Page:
Valentine’s Day, which is quickly approaching, is a perfect time to use candles. Candles add warmth and intimacy to any space thanks to their alluring scents and warm glow.
There are many ways to include candles in your celebrations, regardless of whether you are celebrating with someone special or just treating yourself.
Get it and Make it
According to a survey done by the National Retail Federation consumers are spending more on Valentine’s Day gifts. This is a 60% increase over 2009 and a total of $60 among 2009-2019. This generosity does not just extend to romantic partners. It also includes gifts purchased for loved ones, such as family members, friends, and co-workers.
In addition, giant teddy bears have been swapped for gifts that tell an emotional story or evoke a specific emotion. The survey found that 25% of respondents planned to give a gift “of experience” this holiday season. This experience-focused mindset is very popular among the millennial generation.
Candles are an excellent way to indulge in everyday moments or give gifts. Do you want to make Valentine’s Day more meaningful? Get a personalized candle for your best friend/significant other. Add a personalized message or photo. Choose a scent that will evoke a memory.
Infuse Your Emotions with the Sweetest Scents
To create Valentine’s Day moods, you can use fragranced candles. Patchouli or rosewood fragrances are well-known because of their aphrodisiac qualities. Energizing floral scents can also spark sparks. Other romantic options are jasmine and bee suckles.
Lighting plays a major role in creating a romantic atmosphere. Candlelight’s soft flicker is the perfect lighting for Valentine’s Day dinner. It removes distractions and allows you to completely focus on each other.
A centerpiece that incorporates candles of different heights or shapes can give your home a touch of elegance, especially if you are planning on enjoying a home-cooked meal. To add drama and interest, scatter red rose petals across the table.
While pink and red candles can represent love, attraction, and passion, white candles will look great at any table. Created candle vessels can be used to express your love and affection. Consider displaying an entertaining message and/or displaying an eye-catching design.
For making candles Aussie candle supplies provide candle making kit for beginners, Our Candle Making Kit has everything you need to make your own scented candles.
An accidental fire is the biggest buzz kill. Be sure to always follow all candle safety procedures. Make sure your candles are away from anything that could be ignited.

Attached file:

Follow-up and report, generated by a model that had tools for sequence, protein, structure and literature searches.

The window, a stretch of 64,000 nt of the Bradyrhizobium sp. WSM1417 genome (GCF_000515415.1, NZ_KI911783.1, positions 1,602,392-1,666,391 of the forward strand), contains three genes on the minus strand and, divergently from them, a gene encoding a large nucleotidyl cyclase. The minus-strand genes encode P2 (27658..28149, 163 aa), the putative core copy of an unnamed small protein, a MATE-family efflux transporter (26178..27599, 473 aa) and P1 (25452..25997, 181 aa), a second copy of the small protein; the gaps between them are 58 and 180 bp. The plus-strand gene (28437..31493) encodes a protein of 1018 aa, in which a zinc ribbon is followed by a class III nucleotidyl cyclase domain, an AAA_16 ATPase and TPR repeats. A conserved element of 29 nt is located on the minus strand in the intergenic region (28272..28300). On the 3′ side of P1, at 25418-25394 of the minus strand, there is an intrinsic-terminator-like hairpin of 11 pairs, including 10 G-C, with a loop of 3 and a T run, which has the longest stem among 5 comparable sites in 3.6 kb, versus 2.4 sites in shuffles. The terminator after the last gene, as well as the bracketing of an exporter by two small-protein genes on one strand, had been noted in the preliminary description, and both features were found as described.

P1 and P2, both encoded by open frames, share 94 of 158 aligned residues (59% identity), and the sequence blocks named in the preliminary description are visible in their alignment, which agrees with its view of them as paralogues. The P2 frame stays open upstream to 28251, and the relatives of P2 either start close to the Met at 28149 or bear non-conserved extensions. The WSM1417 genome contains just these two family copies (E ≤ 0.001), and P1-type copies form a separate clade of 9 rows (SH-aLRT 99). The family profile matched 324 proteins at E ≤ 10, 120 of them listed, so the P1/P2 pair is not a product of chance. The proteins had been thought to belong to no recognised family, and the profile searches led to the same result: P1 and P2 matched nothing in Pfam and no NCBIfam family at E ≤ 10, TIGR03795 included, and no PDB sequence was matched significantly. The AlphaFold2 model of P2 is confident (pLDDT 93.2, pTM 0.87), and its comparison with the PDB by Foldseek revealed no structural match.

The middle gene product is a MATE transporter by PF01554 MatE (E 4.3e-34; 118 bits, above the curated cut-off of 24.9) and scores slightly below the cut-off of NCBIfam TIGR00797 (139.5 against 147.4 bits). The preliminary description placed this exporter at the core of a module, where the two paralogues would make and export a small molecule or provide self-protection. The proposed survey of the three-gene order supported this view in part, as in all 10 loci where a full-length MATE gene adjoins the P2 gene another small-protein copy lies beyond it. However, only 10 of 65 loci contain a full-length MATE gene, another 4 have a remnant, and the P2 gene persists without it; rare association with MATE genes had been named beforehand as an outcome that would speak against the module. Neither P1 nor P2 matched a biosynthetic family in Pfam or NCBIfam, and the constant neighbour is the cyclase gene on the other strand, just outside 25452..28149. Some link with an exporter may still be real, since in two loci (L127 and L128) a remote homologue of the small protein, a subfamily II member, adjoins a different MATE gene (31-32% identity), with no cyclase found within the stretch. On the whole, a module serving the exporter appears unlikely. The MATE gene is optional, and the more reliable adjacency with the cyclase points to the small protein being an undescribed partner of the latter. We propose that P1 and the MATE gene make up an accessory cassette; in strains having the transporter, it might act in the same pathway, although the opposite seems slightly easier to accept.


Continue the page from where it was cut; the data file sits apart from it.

Four Common Candle Myths Debunked
The media continues to report inaccurate information on candles, which can lead to alarming claims. We are here to disentangle fact and fiction so you can be safe when lighting candles.
MYTH Unscented candles may be safer than scented ones.
Scented candles pose no danger to health. You can be confident that any candle properly made and lit will burn evenly, no matter what scent it may contain.
MYTH candle soot can be dangerous.
The soot produced when a candle burn is a natural byproduct of incomplete combustion. It is not considered a danger to health. This is similar chemically to the soot emitted by cooking oil and kitchen stoves, but it is not the same as the soot resulting from the burning of gasoline, diesel fuel, and coal.
Candle soot is not something to be concerned about. There is however a few things you can do to reduce it. To maintain proper flame height, trim the length of the wick by 1/4 inch before each use. To avoid flame flickering, make sure the candle is kept out of direct sunlight.
MYTH some candle waxes are better than others.
You might have heard that certain candle waxes burn “better,” but it is simply a common myth.
An international study on soy waxes, paraffin waxes, beeswaxes, and other waxes was conducted. These findings showed that all candles are clean-burning and pose no health risks to the indoor environment or human health.
MYTH Certain candles can contain lead-wicks and should not be used.
After being identified as a concern for public health by the Environmental Protection Agency in 2003, candle wicks made from lead were officially banned.
There is no reason for concern about lead-wicks or the toxicity of candlewick materials. Scientific studies repeatedly have proven that candlewicks are safe and nontoxic.